CAMPAIGNDIRECT: PROFILE DAVID PAYNE - Tequila chief returns to nuts and bolts/He’s hanging up his managerial boots for consultancy and good country living, Robert Dwek hears

David Payne, the outgoing joint chairman and chief executive of Tequila Payne Stracey, has been playing the part of an agency bigwig for quite a while now. His guiding hand has turned what was a sizeable direct marketing agency into a much more significant direct promotions giant, owned by, and with valuable access to, the Omnicom network.

David Payne, the outgoing joint chairman and chief executive of

Tequila Payne Stracey, has been playing the part of an agency bigwig for

quite a while now. His guiding hand has turned what was a sizeable

direct marketing agency into a much more significant direct promotions

giant, owned by, and with valuable access to, the Omnicom network.



But now that his earn-out with Omnicom is complete, Payne has decided to

hand over the reins and take the road less travelled. In his own words,

’by working as a consultant to TBWA, initially on its Nissan Europe

account, I’ll be able to get away from all the managerial hassles which

distract you from the nuts and bolts of this business. I never saw

myself as a corporate executive.’ He’ll also be chairing the Institute

of Direct Marketing, which he likens to a young company about to go

through a rapid growth phase. In addition, there are several other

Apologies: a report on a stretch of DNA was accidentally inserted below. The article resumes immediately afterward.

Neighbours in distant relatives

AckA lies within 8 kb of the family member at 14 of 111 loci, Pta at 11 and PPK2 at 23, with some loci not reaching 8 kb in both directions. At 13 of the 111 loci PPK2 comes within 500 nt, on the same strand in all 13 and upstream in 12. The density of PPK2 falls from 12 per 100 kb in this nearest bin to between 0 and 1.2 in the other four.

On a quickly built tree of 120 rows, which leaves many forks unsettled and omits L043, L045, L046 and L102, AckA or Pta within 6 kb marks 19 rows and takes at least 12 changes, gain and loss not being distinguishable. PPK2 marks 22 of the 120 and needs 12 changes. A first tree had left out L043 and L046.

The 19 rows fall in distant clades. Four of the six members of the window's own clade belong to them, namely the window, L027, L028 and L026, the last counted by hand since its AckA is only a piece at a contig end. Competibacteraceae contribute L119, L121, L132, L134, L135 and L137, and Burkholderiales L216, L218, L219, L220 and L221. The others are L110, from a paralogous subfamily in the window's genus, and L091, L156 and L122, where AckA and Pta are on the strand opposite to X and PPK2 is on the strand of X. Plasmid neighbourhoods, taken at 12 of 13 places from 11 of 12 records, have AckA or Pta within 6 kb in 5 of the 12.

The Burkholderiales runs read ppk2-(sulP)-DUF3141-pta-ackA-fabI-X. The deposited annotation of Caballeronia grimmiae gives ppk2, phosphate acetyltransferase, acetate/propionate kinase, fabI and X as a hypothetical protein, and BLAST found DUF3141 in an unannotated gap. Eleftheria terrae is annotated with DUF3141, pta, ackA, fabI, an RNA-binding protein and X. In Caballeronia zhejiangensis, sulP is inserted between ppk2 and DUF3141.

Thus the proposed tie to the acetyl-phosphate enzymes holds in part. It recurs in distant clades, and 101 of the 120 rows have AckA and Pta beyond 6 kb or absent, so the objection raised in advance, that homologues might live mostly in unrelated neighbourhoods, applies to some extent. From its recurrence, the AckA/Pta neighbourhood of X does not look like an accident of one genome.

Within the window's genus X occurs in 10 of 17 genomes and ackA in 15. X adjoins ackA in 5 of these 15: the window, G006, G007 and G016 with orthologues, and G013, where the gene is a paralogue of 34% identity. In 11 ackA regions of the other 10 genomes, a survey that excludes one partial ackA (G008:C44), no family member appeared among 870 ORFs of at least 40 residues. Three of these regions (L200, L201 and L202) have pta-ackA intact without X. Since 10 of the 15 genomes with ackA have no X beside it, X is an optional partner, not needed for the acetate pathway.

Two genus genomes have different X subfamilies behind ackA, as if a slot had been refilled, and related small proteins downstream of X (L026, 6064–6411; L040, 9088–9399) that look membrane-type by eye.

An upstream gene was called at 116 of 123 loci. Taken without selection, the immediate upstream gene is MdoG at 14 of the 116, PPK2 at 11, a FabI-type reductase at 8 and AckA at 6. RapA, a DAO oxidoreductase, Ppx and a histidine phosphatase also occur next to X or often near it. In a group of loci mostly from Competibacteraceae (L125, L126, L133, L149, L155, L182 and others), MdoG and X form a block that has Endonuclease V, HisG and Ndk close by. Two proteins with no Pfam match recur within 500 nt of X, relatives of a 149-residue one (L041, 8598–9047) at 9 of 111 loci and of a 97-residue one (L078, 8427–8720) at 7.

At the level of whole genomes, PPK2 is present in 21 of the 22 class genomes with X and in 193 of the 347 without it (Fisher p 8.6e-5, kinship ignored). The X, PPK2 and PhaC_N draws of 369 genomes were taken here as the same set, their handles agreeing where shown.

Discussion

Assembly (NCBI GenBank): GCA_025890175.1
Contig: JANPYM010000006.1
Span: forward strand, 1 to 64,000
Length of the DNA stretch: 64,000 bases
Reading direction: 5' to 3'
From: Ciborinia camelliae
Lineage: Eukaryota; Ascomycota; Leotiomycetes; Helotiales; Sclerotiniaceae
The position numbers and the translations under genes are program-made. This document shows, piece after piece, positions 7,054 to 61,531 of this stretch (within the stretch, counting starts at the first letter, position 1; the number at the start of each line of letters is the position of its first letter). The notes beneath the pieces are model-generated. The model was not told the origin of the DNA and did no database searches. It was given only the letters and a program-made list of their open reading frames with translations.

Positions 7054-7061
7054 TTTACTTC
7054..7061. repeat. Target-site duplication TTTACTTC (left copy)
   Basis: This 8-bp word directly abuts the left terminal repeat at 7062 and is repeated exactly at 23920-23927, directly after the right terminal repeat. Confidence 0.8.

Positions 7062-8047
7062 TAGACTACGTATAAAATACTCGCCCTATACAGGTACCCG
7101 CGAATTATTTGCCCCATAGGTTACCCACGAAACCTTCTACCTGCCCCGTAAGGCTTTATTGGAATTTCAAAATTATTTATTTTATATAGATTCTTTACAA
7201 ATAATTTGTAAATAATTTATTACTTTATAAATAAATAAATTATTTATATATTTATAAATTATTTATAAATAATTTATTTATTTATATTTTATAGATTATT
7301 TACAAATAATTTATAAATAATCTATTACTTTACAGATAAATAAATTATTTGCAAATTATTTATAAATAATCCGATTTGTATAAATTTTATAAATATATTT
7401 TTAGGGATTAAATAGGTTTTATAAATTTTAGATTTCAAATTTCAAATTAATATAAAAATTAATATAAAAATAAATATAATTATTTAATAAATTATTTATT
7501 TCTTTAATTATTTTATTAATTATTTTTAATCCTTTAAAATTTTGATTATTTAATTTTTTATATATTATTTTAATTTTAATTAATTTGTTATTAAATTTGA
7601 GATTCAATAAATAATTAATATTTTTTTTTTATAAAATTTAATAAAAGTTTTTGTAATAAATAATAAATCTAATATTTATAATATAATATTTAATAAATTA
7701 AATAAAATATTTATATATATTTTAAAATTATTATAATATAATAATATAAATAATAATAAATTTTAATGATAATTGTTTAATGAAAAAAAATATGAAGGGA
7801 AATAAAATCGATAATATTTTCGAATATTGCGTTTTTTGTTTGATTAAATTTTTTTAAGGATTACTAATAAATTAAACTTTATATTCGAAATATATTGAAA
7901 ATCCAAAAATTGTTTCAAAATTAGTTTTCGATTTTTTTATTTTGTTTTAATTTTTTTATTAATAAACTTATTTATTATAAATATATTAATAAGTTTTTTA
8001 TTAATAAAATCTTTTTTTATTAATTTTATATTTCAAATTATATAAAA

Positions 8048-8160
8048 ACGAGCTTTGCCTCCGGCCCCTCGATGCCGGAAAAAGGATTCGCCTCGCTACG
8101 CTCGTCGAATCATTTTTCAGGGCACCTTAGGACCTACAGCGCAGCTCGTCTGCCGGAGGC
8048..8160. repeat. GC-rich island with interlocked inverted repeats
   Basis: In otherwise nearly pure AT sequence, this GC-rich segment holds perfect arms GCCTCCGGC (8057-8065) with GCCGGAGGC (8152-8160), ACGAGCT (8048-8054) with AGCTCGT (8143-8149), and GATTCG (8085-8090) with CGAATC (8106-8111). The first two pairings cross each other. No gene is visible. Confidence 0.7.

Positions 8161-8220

direct marketing companies in which Payne has a stake and which he’ll

continue to influence.



With a farm in the New Forest and plenty of dosh from Omnicom, Payne

surely must be in a good position to take early retirement. But this, he

says, was not an option because ’I like this business; I’m fascinated by

the way it’s evolving; and I suppose I also feel a sense of duty to give

something back’.



Asked about non-work interests, he struggles a bit before mentioning the

farm and sailing. By contrast, when discussing his new Nissan

consultancy role, he remarks that ’cars are one of my first passions’.

And he talks animatedly about the potential for the IDM’s courses to

become a shorthand for excellence in direct marketing.



Payne can seem a bit teacherly, but mostly he comes across as the calm,

straightforward, nice guy type. If he has made enemies on the way up,

neither he nor they are saying. Industry colleagues describe Payne as

’very sound’ and ’a likeable guy’ and other such epithets. In fact the

only time Payne starts to sound a bit wild and crazy is when he compares

himself to his partner, Andrew Stracey, whom he describes as ’a very,

very cautious, cup-half-empty type’.



Like many in the agency world, Payne began his marketing career on the

client side, working first at Heinz, where he oversaw the Bovril brand,

and then at United Biscuits. But he crossed the great divide by moving

to Ogilvy & Mather. He was in the sexy ad agency world but his

recollection of the job is more mundane: ’I was the boring client guy

who came in to do the analysis,’ he only half-jokes. A move from there

to French Gold Abbott allowed Payne to ’get an understanding of

creativity’ from David Abbott, whom he still regards as ’the eminence of